Having carried out analyses and reports, these can then be downloaded to the palmtop. Once that information has been changed, through contact or sales, this revised data can be uploaded to the central system and synchronised with the main database.

But Taylor warns that this model is not very advanced, despite the claims of many vendors. “We currently have 250 active companies using Tactician and not one has got remote access. They are in financial services, distribution or media, and not one has implemented GIS on laptop. The challenge is the distribution of data which might be confidential or sensitive,” he says.

During the Gulf War, one of the Allied commanders had his laptop, on which battle plans were stored, stolen from the back of his car. If data of that degree of sensitivity and protection can be lifted, then what of the risk that your leading salesman leaves for the competition, taking with him a file of your sales territories and leading customers?

Jeremy Whitaker, managing director of The Knowledge Store, the only source for data on the independent grocery sector in the UK, notes that his company’s clients use GIS extensively. “We apply it to our client’s territory plans or to help them determine their territory, and also to take feedback from the field to upgrade, add or improve our data. But we wouldn’t give anyone in the field the opportunity to manipulate their own territory plan,” he says.

His company takes data feeds from salesforces and field marketers working for a wide range of packaged goods companies.

Data on outlets is fed to these representatives, who then carry out their visits and note outcomes and changes in data. Many of these teams work on palmtops and send back their information straight from these devices.

“Simplicity always seems to be the key to collecting information – we never attempt to get too complicated. There is a training issue in the field and things go wrong. If you have justified giving out 50 devices to the financial director, then some of them fail and you are only collecting data from 60 per cent, you are damaging the organisation,” says Whitaker.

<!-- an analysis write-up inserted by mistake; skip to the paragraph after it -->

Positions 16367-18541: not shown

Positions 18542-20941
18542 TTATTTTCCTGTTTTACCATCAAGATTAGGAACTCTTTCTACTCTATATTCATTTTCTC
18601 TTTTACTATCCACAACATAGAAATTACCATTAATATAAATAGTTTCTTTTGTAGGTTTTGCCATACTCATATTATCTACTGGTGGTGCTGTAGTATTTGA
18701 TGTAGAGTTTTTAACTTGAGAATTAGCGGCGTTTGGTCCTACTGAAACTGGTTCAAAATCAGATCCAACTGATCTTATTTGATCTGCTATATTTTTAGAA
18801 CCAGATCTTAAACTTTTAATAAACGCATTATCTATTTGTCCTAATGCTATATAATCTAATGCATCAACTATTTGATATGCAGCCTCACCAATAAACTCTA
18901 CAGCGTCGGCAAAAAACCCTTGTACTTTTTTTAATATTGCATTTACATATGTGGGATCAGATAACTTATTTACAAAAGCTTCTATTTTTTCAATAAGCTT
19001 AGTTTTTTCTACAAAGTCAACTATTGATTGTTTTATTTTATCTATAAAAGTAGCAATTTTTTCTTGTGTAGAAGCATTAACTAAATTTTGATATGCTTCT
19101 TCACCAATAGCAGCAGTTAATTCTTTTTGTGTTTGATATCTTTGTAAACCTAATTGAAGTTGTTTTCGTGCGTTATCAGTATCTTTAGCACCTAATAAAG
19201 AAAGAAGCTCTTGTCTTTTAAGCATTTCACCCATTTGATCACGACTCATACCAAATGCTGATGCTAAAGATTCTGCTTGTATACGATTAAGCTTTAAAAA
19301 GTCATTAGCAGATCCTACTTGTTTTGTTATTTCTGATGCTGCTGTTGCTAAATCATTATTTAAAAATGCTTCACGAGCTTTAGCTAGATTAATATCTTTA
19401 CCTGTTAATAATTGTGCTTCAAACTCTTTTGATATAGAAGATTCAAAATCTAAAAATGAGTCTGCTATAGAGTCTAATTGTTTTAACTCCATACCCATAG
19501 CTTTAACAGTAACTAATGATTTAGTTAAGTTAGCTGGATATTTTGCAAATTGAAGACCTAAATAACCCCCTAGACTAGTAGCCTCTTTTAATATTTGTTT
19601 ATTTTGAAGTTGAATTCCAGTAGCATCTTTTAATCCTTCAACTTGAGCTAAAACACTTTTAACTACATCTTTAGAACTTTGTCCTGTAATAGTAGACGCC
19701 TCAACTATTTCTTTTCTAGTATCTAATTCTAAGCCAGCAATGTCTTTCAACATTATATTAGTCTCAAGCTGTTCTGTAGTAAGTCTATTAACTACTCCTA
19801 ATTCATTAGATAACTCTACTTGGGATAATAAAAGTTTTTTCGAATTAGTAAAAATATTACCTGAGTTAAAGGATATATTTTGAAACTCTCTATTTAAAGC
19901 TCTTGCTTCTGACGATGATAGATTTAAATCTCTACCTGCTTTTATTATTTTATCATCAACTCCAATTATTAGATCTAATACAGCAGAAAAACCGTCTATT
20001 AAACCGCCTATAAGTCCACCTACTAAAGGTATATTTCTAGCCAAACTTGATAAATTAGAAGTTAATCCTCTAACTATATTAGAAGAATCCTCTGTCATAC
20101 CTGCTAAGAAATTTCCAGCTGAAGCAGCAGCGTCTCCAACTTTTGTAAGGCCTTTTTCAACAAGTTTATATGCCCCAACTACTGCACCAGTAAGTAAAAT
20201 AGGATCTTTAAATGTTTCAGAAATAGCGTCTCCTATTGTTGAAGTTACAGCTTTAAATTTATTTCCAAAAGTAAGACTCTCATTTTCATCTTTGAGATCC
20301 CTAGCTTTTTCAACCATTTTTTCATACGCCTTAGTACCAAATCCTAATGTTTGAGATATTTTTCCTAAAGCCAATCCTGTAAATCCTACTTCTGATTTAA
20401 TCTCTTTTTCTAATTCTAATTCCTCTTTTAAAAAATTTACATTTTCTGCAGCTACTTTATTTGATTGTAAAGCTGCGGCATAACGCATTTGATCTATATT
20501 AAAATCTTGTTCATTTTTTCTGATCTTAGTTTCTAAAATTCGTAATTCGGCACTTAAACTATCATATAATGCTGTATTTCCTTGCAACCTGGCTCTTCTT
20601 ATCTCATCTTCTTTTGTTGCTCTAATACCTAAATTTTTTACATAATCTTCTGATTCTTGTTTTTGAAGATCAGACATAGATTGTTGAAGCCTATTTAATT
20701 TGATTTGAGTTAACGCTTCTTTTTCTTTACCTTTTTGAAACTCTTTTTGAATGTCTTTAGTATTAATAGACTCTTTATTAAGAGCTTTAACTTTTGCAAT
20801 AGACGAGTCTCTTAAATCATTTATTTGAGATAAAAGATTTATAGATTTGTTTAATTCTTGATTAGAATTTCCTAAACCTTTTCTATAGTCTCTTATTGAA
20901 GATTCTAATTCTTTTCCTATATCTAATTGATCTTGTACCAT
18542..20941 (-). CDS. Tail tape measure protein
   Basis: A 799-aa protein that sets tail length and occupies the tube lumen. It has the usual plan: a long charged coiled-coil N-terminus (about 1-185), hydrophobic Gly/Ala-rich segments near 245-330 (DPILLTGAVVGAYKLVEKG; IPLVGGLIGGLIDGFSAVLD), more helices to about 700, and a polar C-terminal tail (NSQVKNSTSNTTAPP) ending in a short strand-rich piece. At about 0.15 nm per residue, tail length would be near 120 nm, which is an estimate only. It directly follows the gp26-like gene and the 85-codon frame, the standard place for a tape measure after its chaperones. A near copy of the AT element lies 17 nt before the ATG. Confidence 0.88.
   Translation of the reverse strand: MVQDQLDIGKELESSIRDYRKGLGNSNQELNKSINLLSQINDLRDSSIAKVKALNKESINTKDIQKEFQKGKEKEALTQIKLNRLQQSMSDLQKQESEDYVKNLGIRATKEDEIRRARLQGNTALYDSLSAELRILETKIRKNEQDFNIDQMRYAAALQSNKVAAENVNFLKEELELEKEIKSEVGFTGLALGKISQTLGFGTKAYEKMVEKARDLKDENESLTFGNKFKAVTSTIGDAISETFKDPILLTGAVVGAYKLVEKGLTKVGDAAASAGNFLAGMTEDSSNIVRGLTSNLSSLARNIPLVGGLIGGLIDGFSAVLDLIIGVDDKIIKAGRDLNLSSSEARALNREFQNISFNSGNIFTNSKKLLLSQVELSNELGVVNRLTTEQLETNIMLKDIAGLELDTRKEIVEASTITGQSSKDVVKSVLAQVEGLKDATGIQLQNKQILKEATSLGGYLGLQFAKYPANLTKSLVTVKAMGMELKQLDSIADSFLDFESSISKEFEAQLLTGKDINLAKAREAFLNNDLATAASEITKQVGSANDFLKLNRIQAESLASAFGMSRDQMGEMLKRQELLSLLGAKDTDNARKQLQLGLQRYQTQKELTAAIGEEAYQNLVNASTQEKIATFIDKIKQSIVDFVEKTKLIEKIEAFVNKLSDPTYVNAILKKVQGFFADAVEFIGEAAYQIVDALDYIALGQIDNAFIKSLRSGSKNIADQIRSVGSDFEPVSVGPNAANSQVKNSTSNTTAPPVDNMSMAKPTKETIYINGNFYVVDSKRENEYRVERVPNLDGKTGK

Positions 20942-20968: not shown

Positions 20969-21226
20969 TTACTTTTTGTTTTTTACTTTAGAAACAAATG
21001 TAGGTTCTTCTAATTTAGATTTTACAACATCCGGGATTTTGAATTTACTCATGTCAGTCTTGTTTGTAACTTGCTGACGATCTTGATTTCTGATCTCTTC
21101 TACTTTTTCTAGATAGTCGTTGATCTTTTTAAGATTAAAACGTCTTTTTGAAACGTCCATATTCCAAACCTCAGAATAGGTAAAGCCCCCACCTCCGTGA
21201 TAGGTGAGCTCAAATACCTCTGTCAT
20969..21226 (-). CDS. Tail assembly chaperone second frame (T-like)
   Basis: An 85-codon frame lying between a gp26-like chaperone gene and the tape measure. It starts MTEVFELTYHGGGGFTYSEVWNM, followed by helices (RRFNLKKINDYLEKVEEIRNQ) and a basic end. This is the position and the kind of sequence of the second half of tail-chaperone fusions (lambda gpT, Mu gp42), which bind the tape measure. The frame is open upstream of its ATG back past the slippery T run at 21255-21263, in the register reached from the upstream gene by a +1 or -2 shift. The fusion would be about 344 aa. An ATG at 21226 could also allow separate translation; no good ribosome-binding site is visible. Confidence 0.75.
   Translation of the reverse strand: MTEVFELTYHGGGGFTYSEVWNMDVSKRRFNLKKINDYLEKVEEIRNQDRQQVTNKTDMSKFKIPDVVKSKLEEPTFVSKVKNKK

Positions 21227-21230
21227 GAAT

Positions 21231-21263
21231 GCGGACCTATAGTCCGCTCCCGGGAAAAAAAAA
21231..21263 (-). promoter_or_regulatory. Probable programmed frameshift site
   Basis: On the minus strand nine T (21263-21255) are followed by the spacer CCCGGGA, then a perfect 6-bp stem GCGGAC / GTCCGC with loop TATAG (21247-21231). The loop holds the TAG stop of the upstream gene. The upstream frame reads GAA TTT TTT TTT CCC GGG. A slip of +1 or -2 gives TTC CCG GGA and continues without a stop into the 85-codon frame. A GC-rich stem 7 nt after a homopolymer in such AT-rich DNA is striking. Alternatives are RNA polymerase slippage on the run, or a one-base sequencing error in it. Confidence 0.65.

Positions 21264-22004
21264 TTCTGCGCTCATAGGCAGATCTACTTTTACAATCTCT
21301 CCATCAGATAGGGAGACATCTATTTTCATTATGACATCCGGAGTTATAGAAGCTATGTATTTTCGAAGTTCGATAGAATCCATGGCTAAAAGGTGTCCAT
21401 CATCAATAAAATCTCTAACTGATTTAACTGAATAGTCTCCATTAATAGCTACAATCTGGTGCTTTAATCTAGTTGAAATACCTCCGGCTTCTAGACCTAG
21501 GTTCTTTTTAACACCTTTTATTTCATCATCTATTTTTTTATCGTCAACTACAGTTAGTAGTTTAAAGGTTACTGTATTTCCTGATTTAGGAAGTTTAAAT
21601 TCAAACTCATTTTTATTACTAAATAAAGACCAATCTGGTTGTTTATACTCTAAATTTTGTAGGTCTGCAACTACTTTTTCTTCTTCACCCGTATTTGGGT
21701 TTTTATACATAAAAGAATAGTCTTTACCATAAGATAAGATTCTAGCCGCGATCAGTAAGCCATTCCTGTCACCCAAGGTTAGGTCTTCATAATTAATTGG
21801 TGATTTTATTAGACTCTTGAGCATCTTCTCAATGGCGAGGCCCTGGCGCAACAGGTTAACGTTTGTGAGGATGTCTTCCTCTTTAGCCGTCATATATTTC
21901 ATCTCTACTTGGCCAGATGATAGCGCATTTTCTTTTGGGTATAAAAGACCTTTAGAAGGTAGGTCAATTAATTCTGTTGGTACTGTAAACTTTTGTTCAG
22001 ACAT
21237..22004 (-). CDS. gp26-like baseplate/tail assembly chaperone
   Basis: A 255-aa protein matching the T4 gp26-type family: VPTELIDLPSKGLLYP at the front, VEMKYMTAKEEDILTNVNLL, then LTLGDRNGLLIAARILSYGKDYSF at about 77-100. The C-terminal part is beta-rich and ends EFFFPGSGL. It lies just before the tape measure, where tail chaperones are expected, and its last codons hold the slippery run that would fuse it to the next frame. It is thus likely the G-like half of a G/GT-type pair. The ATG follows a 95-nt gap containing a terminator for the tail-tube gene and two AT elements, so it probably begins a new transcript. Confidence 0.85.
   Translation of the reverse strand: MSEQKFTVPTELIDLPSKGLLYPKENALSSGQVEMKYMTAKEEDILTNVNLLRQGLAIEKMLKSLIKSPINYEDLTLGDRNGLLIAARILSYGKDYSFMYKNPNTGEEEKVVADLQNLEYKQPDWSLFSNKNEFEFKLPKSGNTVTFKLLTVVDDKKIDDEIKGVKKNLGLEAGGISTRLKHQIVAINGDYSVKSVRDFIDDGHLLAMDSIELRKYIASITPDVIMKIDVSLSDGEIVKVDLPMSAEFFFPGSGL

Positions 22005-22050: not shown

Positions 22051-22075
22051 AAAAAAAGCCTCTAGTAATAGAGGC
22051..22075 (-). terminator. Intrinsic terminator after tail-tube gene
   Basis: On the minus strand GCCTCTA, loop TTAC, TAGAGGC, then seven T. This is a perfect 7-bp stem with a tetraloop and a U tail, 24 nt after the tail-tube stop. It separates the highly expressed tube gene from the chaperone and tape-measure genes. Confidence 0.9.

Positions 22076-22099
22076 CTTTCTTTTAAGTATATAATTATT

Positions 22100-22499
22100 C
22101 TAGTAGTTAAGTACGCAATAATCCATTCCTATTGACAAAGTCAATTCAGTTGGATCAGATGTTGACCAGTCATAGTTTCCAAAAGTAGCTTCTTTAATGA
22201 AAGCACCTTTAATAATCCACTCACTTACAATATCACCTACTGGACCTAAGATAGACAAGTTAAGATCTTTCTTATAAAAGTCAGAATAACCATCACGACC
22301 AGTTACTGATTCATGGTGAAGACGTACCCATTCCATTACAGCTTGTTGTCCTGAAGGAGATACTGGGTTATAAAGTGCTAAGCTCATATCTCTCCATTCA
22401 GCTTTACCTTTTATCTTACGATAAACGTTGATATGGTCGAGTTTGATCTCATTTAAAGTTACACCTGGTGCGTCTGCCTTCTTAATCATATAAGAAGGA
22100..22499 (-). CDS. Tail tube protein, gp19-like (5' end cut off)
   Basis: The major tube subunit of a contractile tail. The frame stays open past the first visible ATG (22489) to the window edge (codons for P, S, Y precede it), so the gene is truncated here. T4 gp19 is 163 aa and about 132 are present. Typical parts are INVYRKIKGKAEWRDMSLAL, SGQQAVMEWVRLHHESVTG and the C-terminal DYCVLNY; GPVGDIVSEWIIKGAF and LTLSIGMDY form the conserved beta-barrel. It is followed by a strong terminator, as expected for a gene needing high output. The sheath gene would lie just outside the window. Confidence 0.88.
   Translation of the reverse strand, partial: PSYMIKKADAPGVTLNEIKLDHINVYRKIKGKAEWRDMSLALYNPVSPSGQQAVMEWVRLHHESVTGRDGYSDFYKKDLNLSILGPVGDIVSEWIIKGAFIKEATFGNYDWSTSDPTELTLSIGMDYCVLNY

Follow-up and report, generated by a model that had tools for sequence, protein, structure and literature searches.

The more complicated the software which needs to be loaded, the more sophisticated the hardware needs to be. That introduces both reliability issues and costs. GIS is both complex and expensive, which is why those applications which have been developed for smaller devices are better understood as mapping or route planning software than as fully-featured GIS.

Durham argues that this does not mean mobile use of this technology will not happen. “It’s too early to dismiss the use of the laptops in the field, as they have far greater functionality. Many people operating in the salesforce rarely visit the office, so they still need to check e-mails, access documents and write reports. What is the point of having another piece of equipment to carry around if one system can do it all?” she asks.

A multi-tier model for GIS may well emerge in which planning, data management and salesforce direction takes place in one central location on a Web-enabled server. Some elements of the salesforce will have their own GIS applications on a laptop with limited data access rights. They will synchronise through daily e-mail uploads. Others will use a palmtop in the field, accessing the central source through a Web browser on whatever computer they are equipped with at home, or by laptop. Reports will then be downloaded onto the PDA.

However users configure their GIS, the new generation of mobile technology is having a very significant impact on this market.